Vaccination Rates below 90% Could Paradoxically Promote the Emergence of Resistant Variants

As the number of vaccinated people increases, the competitive advantage of resistant strains increases. According to a new study, the risk is at its highest when vaccination coverage reaches 60%, which is exactly the threshold currently reached in the US.

COVID-19 Pandemic

COVID-19 Pandemic

The whole world is hoping that mass vaccination will stop the COVID-19 epidemic. However, a resistant variant to the vaccine must not be allowed to emerge. Still, the risk of developing a resistant strain is greatest when a large proportion of the population is vaccinated, but at a rate that is not enough to ensure herd immunity, according to a new study published in Nature Scientific Reports.

Read Also: The Delta Variant of COVID-19 Is Just as Contagious as Chickenpox According to CDC Report

The researchers simulated the probability of a resistant strain in a population of 10 million over the next three years, taking into account the number of vaccinated people, the mutation rate of the virus, the rate of spread, and the successive “waves” of sharply increasing infections, followed by a decrease in new cases after restrictions are imposed (restrictions, closures, etc.). Not surprisingly, they concluded that rapid vaccination and low prevalence reduce the risk of a resistant variant emerging. However, the study also shows that the risk is highest when a large proportion of the population is vaccinated, but not enough to ensure herd immunity.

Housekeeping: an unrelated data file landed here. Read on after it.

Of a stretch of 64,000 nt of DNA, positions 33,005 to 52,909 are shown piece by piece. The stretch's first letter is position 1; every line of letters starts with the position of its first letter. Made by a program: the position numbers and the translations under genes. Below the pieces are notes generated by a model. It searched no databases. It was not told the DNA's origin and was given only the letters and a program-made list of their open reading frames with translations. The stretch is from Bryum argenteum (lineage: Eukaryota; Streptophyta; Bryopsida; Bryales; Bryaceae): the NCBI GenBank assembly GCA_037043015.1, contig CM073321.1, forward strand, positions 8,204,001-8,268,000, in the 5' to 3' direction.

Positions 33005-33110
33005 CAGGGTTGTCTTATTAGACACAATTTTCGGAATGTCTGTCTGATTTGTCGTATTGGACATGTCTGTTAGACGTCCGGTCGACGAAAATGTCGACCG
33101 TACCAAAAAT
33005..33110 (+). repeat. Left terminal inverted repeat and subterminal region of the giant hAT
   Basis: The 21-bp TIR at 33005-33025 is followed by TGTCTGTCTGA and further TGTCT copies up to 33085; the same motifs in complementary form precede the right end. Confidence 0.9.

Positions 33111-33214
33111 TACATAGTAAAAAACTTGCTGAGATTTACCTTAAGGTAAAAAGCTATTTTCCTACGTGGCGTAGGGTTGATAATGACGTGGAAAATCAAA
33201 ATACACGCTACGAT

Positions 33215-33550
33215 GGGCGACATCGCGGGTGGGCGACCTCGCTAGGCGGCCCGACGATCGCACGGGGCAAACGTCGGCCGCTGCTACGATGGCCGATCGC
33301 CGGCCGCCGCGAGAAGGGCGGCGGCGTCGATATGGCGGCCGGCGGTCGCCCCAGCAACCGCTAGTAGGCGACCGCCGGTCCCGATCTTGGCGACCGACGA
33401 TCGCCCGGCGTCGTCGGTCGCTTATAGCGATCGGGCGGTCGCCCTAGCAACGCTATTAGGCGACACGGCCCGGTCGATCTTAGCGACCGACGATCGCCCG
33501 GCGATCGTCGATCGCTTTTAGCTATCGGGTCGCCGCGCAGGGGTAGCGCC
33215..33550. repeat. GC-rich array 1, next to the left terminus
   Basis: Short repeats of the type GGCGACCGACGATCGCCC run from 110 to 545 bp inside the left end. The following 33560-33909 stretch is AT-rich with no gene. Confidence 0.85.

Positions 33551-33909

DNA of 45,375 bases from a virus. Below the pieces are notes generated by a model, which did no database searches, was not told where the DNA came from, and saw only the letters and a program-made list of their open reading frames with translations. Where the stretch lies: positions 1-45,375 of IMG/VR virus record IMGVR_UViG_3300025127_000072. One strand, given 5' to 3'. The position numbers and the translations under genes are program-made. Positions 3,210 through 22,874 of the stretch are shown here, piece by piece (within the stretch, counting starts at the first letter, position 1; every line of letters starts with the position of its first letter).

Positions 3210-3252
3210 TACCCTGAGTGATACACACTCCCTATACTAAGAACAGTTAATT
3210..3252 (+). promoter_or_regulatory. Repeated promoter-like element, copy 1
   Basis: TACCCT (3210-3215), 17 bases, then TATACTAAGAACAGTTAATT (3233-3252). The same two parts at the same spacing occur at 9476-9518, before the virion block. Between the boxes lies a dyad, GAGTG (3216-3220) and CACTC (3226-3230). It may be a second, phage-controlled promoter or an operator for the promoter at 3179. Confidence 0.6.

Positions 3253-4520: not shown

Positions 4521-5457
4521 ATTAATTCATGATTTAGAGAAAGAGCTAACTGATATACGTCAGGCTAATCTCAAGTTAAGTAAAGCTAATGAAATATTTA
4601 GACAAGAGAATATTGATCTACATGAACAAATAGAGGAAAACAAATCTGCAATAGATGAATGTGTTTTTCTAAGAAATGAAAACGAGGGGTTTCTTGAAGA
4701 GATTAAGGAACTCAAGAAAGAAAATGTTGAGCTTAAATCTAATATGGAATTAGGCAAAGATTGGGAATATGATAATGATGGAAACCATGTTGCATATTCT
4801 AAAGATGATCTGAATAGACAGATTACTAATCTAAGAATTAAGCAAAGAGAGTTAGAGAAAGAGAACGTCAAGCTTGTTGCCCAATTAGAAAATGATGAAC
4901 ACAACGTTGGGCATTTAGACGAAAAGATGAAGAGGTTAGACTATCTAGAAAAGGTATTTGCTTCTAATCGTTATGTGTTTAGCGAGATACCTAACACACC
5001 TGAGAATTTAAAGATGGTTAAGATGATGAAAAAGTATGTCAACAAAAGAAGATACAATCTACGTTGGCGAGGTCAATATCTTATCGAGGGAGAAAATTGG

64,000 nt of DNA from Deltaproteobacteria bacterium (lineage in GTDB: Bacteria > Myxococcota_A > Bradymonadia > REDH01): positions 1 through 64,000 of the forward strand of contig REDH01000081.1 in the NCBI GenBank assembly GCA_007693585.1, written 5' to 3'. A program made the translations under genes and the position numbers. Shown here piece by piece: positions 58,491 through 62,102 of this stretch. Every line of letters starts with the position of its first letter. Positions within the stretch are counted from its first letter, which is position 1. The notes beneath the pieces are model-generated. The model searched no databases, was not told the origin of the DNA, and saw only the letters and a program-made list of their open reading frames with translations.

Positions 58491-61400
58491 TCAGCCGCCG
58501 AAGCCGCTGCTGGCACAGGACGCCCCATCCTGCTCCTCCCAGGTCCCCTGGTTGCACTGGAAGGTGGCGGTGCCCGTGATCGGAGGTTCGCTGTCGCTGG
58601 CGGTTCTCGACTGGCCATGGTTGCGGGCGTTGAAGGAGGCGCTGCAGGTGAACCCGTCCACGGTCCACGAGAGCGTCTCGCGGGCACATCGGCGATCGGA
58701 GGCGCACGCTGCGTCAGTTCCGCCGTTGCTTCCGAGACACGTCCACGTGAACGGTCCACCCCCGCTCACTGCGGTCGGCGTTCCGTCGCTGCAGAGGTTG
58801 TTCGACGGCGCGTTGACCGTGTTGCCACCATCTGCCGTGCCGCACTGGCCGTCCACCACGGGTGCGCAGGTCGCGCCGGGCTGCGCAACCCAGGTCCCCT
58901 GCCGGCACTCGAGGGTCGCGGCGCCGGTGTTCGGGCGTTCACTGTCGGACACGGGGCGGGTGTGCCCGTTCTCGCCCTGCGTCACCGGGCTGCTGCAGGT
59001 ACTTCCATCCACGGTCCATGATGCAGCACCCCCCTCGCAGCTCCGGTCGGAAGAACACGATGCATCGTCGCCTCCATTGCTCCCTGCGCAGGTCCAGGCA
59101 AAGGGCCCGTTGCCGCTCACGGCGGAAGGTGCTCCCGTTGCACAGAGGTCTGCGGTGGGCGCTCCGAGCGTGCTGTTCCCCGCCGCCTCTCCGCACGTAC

Selection pressure increases as vaccination coverage increases

When a large proportion of the population is vaccinated, especially the at-risk population (the elderly and sick), policymakers and individuals are tempted to revert to pre-pandemic guidelines and behaviors that can contribute to high levels of virus transmission. However, this is the most favorable time for the emergence of resistant variants because of the phenomenon of “selection pressure”: as the number of vaccinated people increases, the competitive advantage of vaccine-resistant strains increases. This is what has happened to the Delta variant: as the proportion of vaccinated people continued to increase, its infective capacity has had to increase tenfold to continue spreading at the same rate.

Read Also: Nightmare Scenario: Could the Current Poorly Implemented Vaccination Campaign Lead to More Deadly SARS-CoV-2 Strains

No Country has yet reached the 90% rate needed for herd immunity

The problem is that this 60% appears to be the ceiling rate that we see in most countries. No country in the world has yet managed to reach the threshold of 90% collective immunity. If the coronavirus epidemic, unfortunately, continues at this rate and herd immunity is not attained, it may be necessary to resort to compulsory vaccination.

The virus continues to circulate even among vaccinated populations

Last Friday, the US Centers for Disease Control and Prevention (CDC) warned that while the vaccine prevents the risk of serious illness, it does not completely prevent the risk of spreading the infection “because the immunity that is generated is not primarily mucosal” (it does not prevent the virus from developing in the nose). Therefore, the CDC recommended that even vaccinated persons should again wear a mask indoors.

References

Rates of SARS-CoV-2 transmission and vaccination impact the fate of vaccine-resistant strains

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